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Django aggregation tutorial

By : Shabda Raaj

One of the new and most awaited features with Django 1.1 was aggregation. As usual, Django comes with a very comprehensive documentation for this. Here, I have tried to put this in how-to form.

Jump to howtos or Get source on Github.

Essentially, aggregations are nothing but a way to perform an operation on group of rows. In databases, they are represented by operators as sum, avg etc.

To do these operations Django added two new methods to querysets.

  1. aggregate
  2. annotate

When you are have a queryset you can do two operations on it,

  1. Operate over the rowset to get a single value from it. (Such as sum of all salaries in the rowset)
  2. Operate over the rowset to get a value for each row in the rowset via some related table.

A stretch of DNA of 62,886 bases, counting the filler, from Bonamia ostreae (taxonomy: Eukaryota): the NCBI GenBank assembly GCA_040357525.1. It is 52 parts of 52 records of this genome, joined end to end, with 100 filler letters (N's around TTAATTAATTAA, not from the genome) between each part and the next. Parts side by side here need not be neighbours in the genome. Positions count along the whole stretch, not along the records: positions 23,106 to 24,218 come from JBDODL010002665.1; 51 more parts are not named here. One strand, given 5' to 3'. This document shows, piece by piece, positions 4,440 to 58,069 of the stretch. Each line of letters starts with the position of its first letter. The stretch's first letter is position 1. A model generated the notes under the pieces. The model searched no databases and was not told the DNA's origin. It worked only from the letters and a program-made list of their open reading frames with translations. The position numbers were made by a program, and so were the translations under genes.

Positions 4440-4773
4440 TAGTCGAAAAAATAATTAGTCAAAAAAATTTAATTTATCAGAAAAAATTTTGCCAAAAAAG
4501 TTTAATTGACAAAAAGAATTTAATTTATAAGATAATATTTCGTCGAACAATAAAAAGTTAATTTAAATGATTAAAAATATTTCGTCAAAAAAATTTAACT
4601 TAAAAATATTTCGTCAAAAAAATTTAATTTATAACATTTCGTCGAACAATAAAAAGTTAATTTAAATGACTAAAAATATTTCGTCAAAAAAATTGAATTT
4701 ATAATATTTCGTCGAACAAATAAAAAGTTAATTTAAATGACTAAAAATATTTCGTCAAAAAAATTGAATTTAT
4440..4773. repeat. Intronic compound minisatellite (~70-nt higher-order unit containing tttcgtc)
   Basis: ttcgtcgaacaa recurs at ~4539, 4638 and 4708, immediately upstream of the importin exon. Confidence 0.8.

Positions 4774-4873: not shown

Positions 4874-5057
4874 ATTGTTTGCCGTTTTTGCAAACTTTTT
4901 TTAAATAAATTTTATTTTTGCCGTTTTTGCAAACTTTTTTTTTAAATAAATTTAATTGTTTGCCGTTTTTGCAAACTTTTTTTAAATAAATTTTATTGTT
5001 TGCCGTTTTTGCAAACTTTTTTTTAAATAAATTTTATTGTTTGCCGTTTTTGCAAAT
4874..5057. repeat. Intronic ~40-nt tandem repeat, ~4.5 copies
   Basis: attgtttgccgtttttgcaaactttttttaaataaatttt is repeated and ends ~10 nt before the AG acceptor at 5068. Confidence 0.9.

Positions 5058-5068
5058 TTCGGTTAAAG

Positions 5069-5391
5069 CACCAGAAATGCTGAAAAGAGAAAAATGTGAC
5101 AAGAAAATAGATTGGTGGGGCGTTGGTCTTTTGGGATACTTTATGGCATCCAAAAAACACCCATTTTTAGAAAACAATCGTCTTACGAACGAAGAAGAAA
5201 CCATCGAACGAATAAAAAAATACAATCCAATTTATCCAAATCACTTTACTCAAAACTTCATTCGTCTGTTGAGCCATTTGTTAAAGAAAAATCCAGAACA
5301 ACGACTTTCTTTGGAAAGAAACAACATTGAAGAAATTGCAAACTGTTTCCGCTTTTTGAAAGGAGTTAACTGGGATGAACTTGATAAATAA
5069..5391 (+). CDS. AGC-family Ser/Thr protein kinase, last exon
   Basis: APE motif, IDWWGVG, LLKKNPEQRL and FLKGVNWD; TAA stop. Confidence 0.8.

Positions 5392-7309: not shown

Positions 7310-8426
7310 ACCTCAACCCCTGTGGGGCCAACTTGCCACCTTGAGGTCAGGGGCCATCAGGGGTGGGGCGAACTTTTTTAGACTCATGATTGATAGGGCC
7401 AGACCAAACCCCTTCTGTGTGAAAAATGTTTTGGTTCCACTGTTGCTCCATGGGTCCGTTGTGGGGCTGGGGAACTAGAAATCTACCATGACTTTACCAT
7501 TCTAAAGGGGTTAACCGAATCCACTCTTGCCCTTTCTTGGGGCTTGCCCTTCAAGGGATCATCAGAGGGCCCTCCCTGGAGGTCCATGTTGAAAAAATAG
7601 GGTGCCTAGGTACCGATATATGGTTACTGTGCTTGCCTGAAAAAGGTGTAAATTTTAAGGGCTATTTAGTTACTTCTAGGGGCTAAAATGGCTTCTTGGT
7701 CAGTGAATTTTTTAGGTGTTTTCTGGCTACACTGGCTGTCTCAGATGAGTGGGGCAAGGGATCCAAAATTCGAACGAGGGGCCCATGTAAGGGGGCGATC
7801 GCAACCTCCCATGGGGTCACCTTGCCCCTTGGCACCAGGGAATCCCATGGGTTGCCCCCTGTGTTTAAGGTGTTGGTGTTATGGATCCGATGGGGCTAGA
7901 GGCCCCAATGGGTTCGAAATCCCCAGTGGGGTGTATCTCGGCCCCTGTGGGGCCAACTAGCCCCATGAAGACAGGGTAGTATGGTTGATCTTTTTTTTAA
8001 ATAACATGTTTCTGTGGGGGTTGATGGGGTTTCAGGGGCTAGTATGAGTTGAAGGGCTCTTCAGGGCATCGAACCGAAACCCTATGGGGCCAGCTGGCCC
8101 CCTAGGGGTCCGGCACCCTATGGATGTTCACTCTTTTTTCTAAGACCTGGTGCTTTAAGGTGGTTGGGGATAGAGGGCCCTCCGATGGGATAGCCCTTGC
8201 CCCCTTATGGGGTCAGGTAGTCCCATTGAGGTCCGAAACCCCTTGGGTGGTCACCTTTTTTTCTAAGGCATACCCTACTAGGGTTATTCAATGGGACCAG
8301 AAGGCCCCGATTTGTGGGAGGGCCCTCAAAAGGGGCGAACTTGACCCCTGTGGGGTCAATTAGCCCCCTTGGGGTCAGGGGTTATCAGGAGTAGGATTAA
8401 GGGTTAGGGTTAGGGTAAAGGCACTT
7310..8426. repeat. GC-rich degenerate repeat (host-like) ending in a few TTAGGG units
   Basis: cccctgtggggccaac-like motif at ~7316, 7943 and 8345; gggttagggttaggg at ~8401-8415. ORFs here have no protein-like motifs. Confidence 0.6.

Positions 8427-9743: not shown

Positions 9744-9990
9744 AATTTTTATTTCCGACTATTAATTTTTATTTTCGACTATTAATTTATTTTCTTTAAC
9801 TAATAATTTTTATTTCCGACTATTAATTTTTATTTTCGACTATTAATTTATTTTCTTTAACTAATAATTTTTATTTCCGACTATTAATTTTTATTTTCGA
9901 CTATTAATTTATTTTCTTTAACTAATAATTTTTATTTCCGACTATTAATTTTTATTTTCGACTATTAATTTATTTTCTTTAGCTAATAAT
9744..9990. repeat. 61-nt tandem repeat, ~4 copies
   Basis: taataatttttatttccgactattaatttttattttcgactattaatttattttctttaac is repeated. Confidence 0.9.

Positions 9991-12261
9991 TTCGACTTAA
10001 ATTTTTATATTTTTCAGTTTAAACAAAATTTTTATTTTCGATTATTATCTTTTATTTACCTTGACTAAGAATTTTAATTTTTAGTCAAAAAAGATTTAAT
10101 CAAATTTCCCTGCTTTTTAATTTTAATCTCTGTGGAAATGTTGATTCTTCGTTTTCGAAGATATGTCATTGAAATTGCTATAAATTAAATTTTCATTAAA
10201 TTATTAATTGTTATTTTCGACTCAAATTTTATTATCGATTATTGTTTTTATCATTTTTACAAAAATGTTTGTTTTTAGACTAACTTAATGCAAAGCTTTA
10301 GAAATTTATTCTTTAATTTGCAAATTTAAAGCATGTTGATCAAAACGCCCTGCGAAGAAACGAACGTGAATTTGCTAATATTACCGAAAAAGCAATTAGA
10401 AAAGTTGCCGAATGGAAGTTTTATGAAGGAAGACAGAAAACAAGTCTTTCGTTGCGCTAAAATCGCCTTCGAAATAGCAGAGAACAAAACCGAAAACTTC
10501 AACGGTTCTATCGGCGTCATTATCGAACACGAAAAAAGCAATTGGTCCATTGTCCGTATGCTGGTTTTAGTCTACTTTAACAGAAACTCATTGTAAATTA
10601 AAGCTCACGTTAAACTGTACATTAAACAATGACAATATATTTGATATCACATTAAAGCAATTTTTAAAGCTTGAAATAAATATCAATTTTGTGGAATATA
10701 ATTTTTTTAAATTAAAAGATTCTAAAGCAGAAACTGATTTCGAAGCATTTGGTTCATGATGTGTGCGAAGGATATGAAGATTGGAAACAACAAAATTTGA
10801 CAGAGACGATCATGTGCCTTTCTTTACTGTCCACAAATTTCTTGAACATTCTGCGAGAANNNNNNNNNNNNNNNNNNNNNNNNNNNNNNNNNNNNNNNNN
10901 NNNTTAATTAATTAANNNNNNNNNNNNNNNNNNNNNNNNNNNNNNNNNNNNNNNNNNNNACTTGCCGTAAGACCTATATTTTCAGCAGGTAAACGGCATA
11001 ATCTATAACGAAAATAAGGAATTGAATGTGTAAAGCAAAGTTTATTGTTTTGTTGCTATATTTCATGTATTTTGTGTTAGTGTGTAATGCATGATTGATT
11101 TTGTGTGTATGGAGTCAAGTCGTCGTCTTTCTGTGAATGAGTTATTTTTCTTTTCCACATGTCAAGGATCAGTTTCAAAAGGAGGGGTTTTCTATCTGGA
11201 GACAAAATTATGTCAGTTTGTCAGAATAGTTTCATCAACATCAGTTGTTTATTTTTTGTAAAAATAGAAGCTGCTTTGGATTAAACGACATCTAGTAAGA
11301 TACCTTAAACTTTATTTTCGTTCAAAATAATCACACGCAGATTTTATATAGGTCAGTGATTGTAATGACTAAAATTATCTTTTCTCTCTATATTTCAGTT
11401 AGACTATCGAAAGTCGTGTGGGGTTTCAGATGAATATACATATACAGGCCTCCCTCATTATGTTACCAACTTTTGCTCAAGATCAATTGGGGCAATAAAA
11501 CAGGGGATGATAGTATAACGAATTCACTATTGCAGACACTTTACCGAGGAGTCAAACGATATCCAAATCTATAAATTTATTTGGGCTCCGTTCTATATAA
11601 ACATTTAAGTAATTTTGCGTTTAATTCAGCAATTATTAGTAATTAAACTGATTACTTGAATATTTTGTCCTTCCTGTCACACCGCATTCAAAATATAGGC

The thing to notice is that option 1, will create one row from rowset, while option 2 will not change the number of rows in the rowset. If you are into analogies, you can think that option 1 is like a reduce and option 2 is like a map.

In sql terms, aggregate is a operation(SUM, AVG, MIN, MAX), without a group by, while annotate is a operation with a group by on rowset_table.id. (Unless explicitly overriden).

Ok enough talk, on to some actual work. Here is a fictional models.py representing a HRMS application. We will use this to see how to use aggreagtion to solve some common problems.

from django.db import models

class Department(models.Model):
    dept_name = models.CharField(max_length = 100)
    established_on = models.DateField()

    def __unicode__(self):
        return self.dept_name

class Level(models.Model):
    level_name = models.CharField(max_length = 100)
    pay_min = models.PositiveIntegerField()
    pay_max = models.PositiveIntegerField()

    def __unicode__(self):
        return self.level_name

class Employee(models.Model):
    emp_name = models.CharField(max_length = 100)
    department = models.ForeignKey(Department)
    level = models.ForeignKey(Level)
    reports_to = models.ForeignKey('self', null=True, blank=True)

    pay = models.PositiveIntegerField()
    joined_on = models.DateField()

class Leave(models.Model):
    employee = models.ForeignKey(Employee)
    leave_day = models.DateField()